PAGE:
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David O. Russell's Amsterdam is turning into a massive box-office bomb

Despite high initial projections for Amsterdam, the David O. Russell caper stands to lose nearly $100 million

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Christian Bale, Margot Robbie, and John David Washington
Christian Bale, Margot Robbie, and John David Washington in Amsterdam
Image: Walt Disney Studios

Well, every prestige ensemble picture can’t be a home run. The latest victim of astronomical hype: David O. Russell’s Amsterdam, which appears to be morphing from a star-studded 1930s caper with awards-season buzz to a box-office bomb. Deadline reports that between a projected global gross of $35 million, $70 million in estimated global P&A, and all other home ancillaries, Amsterdam could lose $97 million.

Per Deadline, although rivals had once believed Amsterdam could bring home $12-$15 million in its opening, the real numbers paled in comparison. The film debuted with a $6.5M opening in 3,005 theaters, and altogether did a $10M worldwide start. Despite the star power of Margot Robbie, Christian Bale, John David Washington, Taylor Swift, and more, Amsterdam just couldn’t find the legs of Russell’s Oscar-nominated 2013 ensemble American Hustle.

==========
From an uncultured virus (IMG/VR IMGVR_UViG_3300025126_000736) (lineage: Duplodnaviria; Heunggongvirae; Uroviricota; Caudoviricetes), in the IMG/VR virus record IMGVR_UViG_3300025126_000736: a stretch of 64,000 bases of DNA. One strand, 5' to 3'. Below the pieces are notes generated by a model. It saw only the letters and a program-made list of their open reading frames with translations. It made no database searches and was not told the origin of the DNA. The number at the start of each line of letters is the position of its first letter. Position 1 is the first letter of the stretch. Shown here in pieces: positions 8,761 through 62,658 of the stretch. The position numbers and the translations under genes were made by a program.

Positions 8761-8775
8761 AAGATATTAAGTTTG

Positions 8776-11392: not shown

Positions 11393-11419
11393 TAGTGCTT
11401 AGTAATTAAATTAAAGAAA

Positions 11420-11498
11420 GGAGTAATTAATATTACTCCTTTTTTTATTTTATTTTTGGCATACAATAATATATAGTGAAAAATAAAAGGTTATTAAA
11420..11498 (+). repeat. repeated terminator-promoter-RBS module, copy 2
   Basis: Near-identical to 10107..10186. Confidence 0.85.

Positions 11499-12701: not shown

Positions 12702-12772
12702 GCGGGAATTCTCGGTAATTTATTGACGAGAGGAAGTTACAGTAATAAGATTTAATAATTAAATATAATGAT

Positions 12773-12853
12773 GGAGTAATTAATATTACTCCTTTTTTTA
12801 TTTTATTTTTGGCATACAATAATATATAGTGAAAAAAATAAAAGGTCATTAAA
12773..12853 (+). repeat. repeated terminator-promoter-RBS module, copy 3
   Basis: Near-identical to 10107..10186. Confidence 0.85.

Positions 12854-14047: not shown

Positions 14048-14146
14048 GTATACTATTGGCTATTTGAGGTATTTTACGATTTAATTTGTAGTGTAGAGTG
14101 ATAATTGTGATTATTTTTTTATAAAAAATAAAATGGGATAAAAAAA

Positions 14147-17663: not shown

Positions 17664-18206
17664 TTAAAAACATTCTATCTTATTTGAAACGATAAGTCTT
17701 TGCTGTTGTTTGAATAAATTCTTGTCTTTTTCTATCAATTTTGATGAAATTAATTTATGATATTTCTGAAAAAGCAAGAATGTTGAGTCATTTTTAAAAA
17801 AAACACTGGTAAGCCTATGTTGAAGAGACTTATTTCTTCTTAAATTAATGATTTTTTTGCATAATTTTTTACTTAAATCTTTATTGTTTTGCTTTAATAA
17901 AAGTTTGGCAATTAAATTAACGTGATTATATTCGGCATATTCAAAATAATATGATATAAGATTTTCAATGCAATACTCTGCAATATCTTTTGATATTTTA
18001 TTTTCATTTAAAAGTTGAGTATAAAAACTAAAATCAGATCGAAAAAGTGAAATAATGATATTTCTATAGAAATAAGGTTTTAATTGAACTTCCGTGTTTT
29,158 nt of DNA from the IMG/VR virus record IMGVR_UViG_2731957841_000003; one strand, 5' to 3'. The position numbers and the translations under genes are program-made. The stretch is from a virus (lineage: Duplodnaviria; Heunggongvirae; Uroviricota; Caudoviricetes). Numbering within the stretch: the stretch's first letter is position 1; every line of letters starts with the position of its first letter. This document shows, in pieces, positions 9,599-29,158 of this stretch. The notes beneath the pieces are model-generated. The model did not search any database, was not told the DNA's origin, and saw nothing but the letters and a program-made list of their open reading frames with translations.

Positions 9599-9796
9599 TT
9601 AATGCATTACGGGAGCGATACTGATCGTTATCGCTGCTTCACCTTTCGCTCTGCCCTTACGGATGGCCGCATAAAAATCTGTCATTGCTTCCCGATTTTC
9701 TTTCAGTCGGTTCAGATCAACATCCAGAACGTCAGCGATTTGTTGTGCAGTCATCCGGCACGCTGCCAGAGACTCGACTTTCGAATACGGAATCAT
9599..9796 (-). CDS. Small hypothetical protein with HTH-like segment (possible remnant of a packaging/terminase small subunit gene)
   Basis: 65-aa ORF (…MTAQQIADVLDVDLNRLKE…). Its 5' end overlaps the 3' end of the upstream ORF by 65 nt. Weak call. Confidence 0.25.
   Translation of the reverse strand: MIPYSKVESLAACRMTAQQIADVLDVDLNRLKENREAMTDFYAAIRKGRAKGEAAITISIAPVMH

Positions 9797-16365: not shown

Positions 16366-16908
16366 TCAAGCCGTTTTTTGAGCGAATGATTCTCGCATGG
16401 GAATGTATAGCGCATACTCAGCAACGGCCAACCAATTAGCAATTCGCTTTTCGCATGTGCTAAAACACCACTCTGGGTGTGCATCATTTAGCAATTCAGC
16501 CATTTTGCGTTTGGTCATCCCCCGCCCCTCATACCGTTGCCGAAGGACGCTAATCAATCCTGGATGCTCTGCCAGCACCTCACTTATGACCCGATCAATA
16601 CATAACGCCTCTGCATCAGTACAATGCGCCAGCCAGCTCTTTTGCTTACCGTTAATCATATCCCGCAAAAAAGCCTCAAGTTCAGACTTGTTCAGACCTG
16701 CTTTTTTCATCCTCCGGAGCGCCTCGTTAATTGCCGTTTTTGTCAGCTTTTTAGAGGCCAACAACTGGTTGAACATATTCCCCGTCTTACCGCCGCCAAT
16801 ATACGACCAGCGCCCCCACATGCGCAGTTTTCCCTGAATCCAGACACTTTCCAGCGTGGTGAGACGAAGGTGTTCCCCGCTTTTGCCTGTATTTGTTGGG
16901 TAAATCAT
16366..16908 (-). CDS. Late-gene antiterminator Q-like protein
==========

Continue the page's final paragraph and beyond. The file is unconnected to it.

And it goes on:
The American Hustle comparison looks even starker when it comes to budgets: Amsterdam reportedly cost twice as much as American Hustle to make. Some of the hefty costs stemmed from (say it with us) the pandemic, which halted production in March 2020. The shoot had originally been planned for Boston, but amidst the uncertainty of COVID-19 most of the actors chose not to travel, so filming was moved to Los Angeles. All in all, even with a $2.5 million California tax credit, the location shift (not to mention the highly stylized period-piece setting) bumped costs from $50 million to $80 million.

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A rocky run at the box office hasn’t been the only thing deflating Amsterdam’s balloons. Critics haven’t exactly lauded the film, and it now holds a 34% on Rotten Tomatoes. The A.V. Club’s Jordan Hoffman, in his review of the film, writes that Amsterdam “zooms along unexpected narrative curves with a tremendous self-confidence it mistakes for grace. In actuality, it’s more of a shamble, like a sloppy guy at a bar telling a farfetched tale signifying not-too-much.” What signifies confidence better than a dramatic, glittery box-office flop that involves Taylor Swift getting thrown into traffic?